The study site (Methodist) plans to implement Project POINT regardless of the research study. Therefore, all recovery coach duties are part of POINT prescribed services that would be carried out regardless of the research. The investigators are randomizing the shift during which POINT is delivered to take advantage of the fact that they are not able to fully staff all hospital shifts with a recovery coach--thus allowing us to test the intervention's effectiveness. Only those patients in the standard care arm will be asked to complete data collection activities that would not be completed outside of the research study.
After study consent, all subjects will be asked to complete a structured interview with either a recovery coach (POINT group) or a research assistant (standard care). This interview will occur in the ED, and it can take between 30-60 minutes and covers the following topics: demographics, social support; living arrangements, drug use, context of current overdose, treatment history, interest in recovery services, use of strategies to reduce risks related to drug use, HIV and Hepatitis C, physical and mental health, adverse childhood experiences, and detailed contact information. Additionally, the RA or recovery coach will collect detailed contact information on the participant to increase chances of being able to follow up with the participant. This contact information will be entered into a separate database and will not be linked to questionnaire responses.
The investigators will also collect information from the following existing secondary data sources:
As part of the POINT project, recovery coaches engage with POINT patients for two weeks (reaching out to patients every 2-3 days until the patient is successfully engaged in recovery services), but this may last longer (several months) depending on patient need and desire for continued assistance. Recovery coaches will not be collecting data for study purposes during this time; rather, any information they collect will be their employment purposes as a recovery coach. Standard care patients are not seen after the initial referral.
The investigators will also collect data from hospital records and government and public health databases on patients enrolled in the study after obtaining a release for these information from subjects. The investigators will collect methadone data from the Division of Mental Health and Addiction (DMHA), prescribing information related to controlled substances from INSPECT (prescription drug monitoring system), the hospital admission data from Indiana Network for Patient Care (INPC), overdose death information form coroner records, insurance information from Medicaid, child welfare system involvement form the Department of Child Services (DCS), and publicly available criminal justice data. A research assistant will work with all of these systems to obtain and merge the data.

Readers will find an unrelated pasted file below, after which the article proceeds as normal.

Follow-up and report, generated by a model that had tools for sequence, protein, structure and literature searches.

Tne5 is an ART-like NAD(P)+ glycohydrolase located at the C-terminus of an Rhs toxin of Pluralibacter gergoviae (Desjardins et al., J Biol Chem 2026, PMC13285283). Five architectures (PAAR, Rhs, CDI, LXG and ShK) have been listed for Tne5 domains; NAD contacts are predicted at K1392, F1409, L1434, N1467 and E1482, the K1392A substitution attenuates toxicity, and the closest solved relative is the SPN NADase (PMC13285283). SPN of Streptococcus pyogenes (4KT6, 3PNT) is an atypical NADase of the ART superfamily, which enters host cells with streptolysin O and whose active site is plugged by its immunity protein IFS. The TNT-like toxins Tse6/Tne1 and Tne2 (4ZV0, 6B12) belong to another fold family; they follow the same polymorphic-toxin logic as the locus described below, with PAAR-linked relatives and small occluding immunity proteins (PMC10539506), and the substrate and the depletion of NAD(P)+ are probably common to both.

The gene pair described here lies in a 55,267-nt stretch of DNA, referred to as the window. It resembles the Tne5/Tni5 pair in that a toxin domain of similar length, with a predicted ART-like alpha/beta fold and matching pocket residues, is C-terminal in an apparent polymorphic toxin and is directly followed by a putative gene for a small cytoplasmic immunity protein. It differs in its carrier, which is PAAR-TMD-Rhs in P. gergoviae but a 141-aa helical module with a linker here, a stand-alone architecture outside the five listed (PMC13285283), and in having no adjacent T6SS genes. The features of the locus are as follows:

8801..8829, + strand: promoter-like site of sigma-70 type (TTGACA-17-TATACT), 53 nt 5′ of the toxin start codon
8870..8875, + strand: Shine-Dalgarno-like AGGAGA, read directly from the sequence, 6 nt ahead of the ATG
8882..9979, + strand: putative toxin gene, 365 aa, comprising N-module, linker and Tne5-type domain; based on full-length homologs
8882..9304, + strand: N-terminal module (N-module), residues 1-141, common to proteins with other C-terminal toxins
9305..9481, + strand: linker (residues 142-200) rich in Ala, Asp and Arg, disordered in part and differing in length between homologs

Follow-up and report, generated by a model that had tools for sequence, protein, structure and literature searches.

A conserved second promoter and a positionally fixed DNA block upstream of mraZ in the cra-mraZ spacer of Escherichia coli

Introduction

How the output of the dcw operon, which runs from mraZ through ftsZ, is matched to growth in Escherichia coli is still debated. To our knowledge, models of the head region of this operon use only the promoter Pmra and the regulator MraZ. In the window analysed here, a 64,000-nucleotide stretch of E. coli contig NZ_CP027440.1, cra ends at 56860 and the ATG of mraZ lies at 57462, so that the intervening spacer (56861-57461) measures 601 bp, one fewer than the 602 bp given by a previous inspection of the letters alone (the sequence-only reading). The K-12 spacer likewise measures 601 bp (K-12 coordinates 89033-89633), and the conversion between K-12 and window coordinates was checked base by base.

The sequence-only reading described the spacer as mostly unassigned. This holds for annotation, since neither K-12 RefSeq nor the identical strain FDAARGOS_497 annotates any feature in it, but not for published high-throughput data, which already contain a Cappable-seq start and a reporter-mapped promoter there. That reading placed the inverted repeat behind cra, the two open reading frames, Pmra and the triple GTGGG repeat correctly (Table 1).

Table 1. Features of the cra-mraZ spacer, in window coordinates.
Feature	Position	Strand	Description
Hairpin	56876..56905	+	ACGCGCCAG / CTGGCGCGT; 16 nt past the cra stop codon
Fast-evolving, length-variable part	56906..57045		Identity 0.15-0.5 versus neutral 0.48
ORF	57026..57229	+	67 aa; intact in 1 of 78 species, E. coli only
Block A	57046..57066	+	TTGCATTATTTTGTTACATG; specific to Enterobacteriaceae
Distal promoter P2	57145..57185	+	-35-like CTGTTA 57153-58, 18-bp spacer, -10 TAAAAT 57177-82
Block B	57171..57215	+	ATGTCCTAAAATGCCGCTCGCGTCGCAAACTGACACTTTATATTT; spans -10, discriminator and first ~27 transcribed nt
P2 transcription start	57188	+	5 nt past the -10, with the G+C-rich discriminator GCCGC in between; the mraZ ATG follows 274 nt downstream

|Study Type ICMJE||Interventional|
|Study Phase||Not Applicable|
|Study Design ICMJE||Allocation: Randomized
Intervention Model: Parallel Assignment
Masking: None (Open Label)
Primary Purpose: Supportive Care
|Intervention ICMJE||Behavioral: POINT
A recovery coach meets patients in the ED after they have been revived from an overdose to offer a range of services including an assessment of high-risk behaviors, Hep C/HIV testing, harm reduction counseling, and treatment referrals with follow-up to either a medication assisted treatment (MAT) provider, detoxification services, or an inpatient treatment setting. Patients are offered a take-home naloxone kit and assistance with Medicaid enrollment. Close collaboration with the local community mental health provider ensures POINT patients have their first assessment for MAT within 1-2 business days of ED discharge. Also, recovery coaches offer to accompany patients to intake appointments or criminal justice and child welfare meetings as part of the standard care they deliver.
|Publications *||Not Provided|
* Includes publications given by the data provider as well as publications identified by ClinicalTrials.gov Identifier (NCT Number) in Medline.
|Recruitment Status ICMJE||Enrolling by invitation|
|Estimated Enrollment ICMJE
|Original Estimated Enrollment ICMJE||Same as current|
|Estimated Study Completion Date||December 30, 2018|
|Estimated Primary Completion Date||August 1, 2018 (Final data collection date for primary outcome measure)|
|Eligibility Criteria ICMJE||
(Individuals discharged from the ED during a POINT shift who do not wish to participate in the study are still eligible to receive POINT services.)
|Ages||18 Years and older (Adult, Older Adult)|
|Accepts Healthy Volunteers||Yes|
|Contacts ICMJE||Contact information is only displayed when the study is recruiting subjects|
|Listed Location Countries ICMJE||United States|
|Removed Location Countries|
|NCT Number ICMJE||NCT03336268|
|Other Study ID Numbers ICMJE||1706859955|
|Has Data Monitoring Committee||No|
|U.S. FDA-regulated Product||
|IPD Sharing Statement||
|Responsible Party||Dennis Watson, Indiana University|
|Study Sponsor ICMJE||Indiana University|
|Collaborators ICMJE||Not Provided|
|PRS Account||Indiana University|
|Verification Date||March 2018|
ICMJE Data element required by the International Committee of Medical Journal Editors and the World Health Organization ICTRP